June 28 marks 100 years since WWI began. With the assassination of Archduke Franz Ferdinand and his wife on June 28, 1914, war spread throughout much of the world for the next four years. The war would reach rural Eastern Idaho, placing a young Thomas C. Neibaur of Sugar City, Idaho “somewhere in France.” Neibaur enlisted in the Idaho National Guard, stating in a letter to his mother on June 10, 1917,
Well dear mother I am not sorry that I joined when I did altho I am very young and have had no experience away from home but still I feel that I am serving my country and I feel as if that was the next thing to serving my God.
Neibaur was awarded the Medal of Honor for heroic acts during the war.
Considering it his duty as a citizen, Neibaur enlisted and was stationed in Boise and then Sandpoint, Idaho. He routinely wrote home, encouraging his family while also sharing his love for them. On June 2, 1917, he wrote from Sandpoint,
I sure would like to be back home with you again, but still I realize that I am serving my country in time of need, and I remember the words of Sir William Wallace, ‘God armeth the patriot.’
Neibaur went from Idaho to New York then New Jersey for training. He reached France sometime early in 1918, and was transferred to an existing division made up of individuals from the South. Missing his old company, he remarked of his new comrades on April 18, 1918, “Of course they are good fellows and all that but still they have different ways that seem a bit funny to me.”
Neibaur would also mention briefly “a few pretty exciting times” in the trenches, which surely worried his family as is apparent when he wrote from “somewhere in France” on May 28, 1918:
Now dear mother do not worry because I tell you I have been to the trenches as there is not much danger the worst thing is the gas and we have good gas masks to protect us. The only thing is getting them on in time.
On October 1918, Neibaur wrote home what must have been startling news to his family. He opened the letter mentioning that he hadn’t received any recent correspondence from home, probably because the post was slow and because he had “been on the front for a long time then got wounded and am now in a hospital nursing a leg with three machine gun wounds in it.” Later in the letter, Neibaur briefly described how he got injured:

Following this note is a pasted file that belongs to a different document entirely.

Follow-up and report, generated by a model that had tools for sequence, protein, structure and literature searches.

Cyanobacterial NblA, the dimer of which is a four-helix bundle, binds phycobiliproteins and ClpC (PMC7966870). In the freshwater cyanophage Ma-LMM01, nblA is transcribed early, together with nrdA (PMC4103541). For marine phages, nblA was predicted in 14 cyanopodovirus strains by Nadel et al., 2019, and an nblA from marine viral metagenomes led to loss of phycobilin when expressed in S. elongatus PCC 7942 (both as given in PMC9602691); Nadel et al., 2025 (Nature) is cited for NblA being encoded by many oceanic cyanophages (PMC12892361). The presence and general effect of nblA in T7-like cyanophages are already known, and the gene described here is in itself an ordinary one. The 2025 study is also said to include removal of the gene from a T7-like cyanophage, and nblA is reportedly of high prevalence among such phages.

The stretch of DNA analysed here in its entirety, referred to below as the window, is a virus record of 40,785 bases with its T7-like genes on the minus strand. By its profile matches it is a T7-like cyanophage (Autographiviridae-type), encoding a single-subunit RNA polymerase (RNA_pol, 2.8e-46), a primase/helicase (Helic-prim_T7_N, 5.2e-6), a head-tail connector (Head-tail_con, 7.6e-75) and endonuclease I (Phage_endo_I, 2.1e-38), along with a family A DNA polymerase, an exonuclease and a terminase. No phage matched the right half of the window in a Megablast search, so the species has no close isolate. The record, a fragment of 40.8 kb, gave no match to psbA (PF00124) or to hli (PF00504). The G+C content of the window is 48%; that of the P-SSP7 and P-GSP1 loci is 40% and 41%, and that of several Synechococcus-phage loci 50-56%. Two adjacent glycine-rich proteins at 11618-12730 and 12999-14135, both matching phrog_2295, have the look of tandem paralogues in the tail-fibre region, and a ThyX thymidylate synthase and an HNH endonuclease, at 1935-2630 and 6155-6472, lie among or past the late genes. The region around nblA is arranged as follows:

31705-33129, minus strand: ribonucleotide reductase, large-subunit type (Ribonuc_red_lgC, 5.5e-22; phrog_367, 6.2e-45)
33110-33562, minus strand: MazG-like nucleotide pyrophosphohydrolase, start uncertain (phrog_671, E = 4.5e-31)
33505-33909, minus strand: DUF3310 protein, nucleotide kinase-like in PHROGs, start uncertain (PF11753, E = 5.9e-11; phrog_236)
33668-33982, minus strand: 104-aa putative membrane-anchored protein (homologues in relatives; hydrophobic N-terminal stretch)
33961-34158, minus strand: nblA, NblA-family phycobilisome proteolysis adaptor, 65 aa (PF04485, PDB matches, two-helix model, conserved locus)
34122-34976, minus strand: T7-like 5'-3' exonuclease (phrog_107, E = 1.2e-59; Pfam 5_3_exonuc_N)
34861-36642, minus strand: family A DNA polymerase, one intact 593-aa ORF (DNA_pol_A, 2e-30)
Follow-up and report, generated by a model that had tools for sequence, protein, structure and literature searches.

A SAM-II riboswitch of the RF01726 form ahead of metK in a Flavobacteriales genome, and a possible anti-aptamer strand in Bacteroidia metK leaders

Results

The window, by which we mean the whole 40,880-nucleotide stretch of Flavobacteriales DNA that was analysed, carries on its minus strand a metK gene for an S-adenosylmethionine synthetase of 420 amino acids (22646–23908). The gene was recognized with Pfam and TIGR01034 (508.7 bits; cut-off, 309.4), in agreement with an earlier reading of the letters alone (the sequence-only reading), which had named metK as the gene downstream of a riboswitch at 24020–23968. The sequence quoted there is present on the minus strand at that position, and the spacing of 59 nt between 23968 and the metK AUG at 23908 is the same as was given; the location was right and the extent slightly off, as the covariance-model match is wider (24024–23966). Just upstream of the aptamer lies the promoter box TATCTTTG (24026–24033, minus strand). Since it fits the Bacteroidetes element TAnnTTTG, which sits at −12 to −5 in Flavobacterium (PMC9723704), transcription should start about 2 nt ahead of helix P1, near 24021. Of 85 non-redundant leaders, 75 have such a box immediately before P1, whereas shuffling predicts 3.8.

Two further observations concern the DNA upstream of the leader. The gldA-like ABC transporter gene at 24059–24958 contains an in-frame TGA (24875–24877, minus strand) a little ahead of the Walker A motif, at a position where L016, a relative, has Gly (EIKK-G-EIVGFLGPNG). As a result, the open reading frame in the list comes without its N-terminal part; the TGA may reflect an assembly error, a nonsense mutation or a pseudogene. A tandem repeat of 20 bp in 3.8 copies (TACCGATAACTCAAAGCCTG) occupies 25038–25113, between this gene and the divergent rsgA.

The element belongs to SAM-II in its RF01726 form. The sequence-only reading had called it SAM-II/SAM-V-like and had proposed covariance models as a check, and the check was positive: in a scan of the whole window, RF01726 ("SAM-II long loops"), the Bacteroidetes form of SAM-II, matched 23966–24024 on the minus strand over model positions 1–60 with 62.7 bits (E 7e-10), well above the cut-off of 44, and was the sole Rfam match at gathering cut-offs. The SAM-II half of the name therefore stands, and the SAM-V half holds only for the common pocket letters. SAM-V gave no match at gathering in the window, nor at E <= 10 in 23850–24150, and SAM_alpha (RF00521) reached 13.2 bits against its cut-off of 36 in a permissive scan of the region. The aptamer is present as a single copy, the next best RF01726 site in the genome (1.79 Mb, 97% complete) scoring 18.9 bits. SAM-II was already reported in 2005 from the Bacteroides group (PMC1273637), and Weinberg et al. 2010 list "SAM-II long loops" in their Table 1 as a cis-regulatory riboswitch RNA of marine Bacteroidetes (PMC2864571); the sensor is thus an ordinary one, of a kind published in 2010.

Say folks I sure had quite an experience I was captured and was in the hands of the Germans for about half an hour but I watched my chance and when they were not looking I recovered my gun and took ten of my captives prisoners after I was wounded three times.
In Còte de Châtillon, Neibaur had volunteered with two others to take out a pocket of German machine guns. After some action where his two companions were killed and he injured, Neibaur, while injured, was able to take out several Germans until his gun jammed. Upon retreating, he was eventually captured, but, as described in his letter home, found an opportunity to make his captors the captives. It was that action that brought him the Medal of Honor, presented by General Pershing himself. On January 3, 1919, after several months of recovery, and what must have followed several less-than-detailed letters home, he wrote,
I suppose you were very much surprised to hear that I received a medal for bravery but you know you never did get me excited about anything and I always had a cool head.
BYU-Idaho’s Special Collections and Archives is fortunate to hold several original letters from Neibaur to his family. The passages above are all taken from these letters. To read the letters, visit Special Collections & Archives, room 220 in the McKay Library, and ask for manuscript collection 98 (MSSI 98: Thomas Neibaur Papers). You can view the finding aid online here: Neibaur Papers